DAR ES SALAAM, Tanzania and Uganda have signed yet another Memorandum of Understanding (MoU) for the supply of electricity to villages along the Uganda-Tanzania border.

The signing ceremony which was held in Bukoba, Kagera Region at the weekend, comes just four days before President John Magufuli and his Ugandan counterpart, Yoweri Museveni, lay a foundation stone for the construction of the East African crude oil pipeline from Hoima in Uganda to Tanga Port in Tanzania.

The two leaders are expected to lay a foundation stone for the project in Tanga on Saturday. The rural electrification MoU was signed between the Minister of Foreign Affairs and East African Cooperation, Dr Augustine Mahiga, and Uganda's Minister for Energy, Mr Simon D'Ujanga.

Dr Mahiga signed on behalf of the Minister for Energy and Minerals. In the main agreement, the two countries put pen to paper on the implementation of a project for electricity supply to Nangoma village, located at the Uganda-Tanzania border and other villages around the area on the Tanzanian side.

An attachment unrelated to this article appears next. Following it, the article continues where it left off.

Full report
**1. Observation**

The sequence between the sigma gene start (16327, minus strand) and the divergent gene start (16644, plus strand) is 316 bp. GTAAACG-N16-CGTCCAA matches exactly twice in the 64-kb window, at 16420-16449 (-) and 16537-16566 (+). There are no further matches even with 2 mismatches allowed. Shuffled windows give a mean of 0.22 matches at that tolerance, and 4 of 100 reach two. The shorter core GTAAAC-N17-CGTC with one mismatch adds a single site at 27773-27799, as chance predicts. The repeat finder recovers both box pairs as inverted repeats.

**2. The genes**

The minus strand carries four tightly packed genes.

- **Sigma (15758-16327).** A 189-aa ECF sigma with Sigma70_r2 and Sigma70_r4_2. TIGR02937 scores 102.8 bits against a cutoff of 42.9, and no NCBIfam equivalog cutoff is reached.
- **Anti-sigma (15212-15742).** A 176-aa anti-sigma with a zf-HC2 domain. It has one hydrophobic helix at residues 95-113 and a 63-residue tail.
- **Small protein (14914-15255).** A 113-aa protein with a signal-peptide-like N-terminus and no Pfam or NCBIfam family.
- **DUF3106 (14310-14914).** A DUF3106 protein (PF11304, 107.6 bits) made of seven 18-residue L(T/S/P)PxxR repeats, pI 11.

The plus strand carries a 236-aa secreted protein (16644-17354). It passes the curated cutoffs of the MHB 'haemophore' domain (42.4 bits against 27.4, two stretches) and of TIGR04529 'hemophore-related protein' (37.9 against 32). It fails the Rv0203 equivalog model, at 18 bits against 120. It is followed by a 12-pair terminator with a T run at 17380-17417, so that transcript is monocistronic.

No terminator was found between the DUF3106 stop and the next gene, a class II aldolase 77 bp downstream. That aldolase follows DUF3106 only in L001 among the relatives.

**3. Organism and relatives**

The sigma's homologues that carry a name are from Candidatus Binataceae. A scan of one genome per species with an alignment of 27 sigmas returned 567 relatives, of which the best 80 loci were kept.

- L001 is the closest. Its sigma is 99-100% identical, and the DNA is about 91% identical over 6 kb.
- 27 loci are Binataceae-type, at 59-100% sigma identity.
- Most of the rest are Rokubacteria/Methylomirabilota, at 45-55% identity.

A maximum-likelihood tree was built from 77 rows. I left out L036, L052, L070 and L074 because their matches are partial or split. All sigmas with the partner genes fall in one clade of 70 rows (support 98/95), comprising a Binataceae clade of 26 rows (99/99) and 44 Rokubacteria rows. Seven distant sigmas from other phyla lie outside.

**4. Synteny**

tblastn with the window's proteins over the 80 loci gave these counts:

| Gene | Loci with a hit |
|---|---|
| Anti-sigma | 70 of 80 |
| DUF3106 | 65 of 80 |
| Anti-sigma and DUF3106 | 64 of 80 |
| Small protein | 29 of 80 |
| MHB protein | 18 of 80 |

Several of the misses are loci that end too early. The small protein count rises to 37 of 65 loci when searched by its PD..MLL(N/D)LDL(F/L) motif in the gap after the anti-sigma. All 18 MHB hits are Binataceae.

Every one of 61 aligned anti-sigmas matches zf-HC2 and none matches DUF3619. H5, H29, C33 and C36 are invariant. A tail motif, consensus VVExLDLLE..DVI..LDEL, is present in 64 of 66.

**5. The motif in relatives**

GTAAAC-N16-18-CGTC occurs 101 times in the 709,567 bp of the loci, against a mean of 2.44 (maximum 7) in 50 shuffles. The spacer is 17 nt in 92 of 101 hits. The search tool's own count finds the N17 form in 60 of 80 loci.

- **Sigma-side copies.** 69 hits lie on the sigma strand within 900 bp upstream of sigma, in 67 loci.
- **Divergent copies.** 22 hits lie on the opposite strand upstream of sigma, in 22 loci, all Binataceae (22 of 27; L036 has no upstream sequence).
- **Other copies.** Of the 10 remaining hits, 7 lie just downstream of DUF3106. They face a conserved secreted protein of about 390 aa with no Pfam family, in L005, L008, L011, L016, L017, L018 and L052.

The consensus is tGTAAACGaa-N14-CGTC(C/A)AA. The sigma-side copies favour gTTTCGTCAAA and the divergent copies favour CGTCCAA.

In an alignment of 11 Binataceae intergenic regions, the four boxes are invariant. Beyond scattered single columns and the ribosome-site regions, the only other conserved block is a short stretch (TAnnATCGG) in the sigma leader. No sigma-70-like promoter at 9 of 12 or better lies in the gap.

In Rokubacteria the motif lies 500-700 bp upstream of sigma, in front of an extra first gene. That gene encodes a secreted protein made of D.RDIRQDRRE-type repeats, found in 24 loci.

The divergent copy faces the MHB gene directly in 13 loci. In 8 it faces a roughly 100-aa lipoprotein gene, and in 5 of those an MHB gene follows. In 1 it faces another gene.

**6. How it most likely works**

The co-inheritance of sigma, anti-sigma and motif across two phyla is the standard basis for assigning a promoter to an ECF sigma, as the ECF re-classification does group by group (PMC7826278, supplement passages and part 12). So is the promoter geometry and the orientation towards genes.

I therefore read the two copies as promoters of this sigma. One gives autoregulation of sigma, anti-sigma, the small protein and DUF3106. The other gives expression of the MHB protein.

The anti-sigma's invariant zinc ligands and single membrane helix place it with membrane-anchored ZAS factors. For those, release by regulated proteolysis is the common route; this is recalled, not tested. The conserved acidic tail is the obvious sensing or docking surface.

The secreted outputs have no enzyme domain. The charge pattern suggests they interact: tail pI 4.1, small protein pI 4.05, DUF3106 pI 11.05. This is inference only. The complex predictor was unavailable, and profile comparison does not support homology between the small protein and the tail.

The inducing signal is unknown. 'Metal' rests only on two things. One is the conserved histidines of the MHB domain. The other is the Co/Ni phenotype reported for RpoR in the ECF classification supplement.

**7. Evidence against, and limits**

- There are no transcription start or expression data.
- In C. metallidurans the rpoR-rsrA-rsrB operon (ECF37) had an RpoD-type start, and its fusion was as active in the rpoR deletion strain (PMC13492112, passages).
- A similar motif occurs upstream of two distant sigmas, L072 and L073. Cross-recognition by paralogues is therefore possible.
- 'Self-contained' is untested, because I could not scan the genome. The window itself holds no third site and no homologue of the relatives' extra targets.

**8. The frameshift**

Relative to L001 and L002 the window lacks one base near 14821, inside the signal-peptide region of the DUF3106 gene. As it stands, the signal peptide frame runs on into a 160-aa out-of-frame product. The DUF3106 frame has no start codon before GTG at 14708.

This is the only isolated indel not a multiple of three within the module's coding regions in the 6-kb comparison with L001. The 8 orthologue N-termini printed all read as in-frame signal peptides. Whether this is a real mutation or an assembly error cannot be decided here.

According to the Tanzanian Deputy Minister for Energy and Minerals, Dr Medard Kalemani, who witnessed the signing ceremony, the Rural Energy Agency (REA-Tanzania) would fund the 33 kilovolt electricity at a cost of US dollars 36,923.06.

Similarly, he added, Uganda's Rural Electrification Agency (REA-Uganda) would foot the bill for the construction of 7.5 kilometres of another 33 kilovolt from the border to Bukwali, Gamuli, Bushungulu, Nangoma, Omurushenye, Mizinda and Lukunyu villages at a cost of US dollars 724,239.06.

The meeting of ministers was preceded by another meeting of Permanent Secretaries from different ministries from both countries held on July 28, in Bukoba as well.

Last year, Uganda chose the Tanzanian route to export its crude oil amid competition from Kenya, which also wanted to clinch the deal to transport oil to yet to be constructed Lamu Port in North-Eastern Kenya.

President Museveni made the decision to construct the pipeline through Tanzania during the 13th Northern Corridor Integration Projects (NCIP) summit in Kampala, which was also attended by Presidents Paul Kagame and Uhuru Kenyatta of Rwanda and Kenya, respectively.

The envisaged pipeline through Tanzania will be of benefit not only to Uganda and Tanzania, but also other countries in the region such as Kenya, South Sudan, Rwanda, Burundi and the Democratic Republic of Congo (DRC).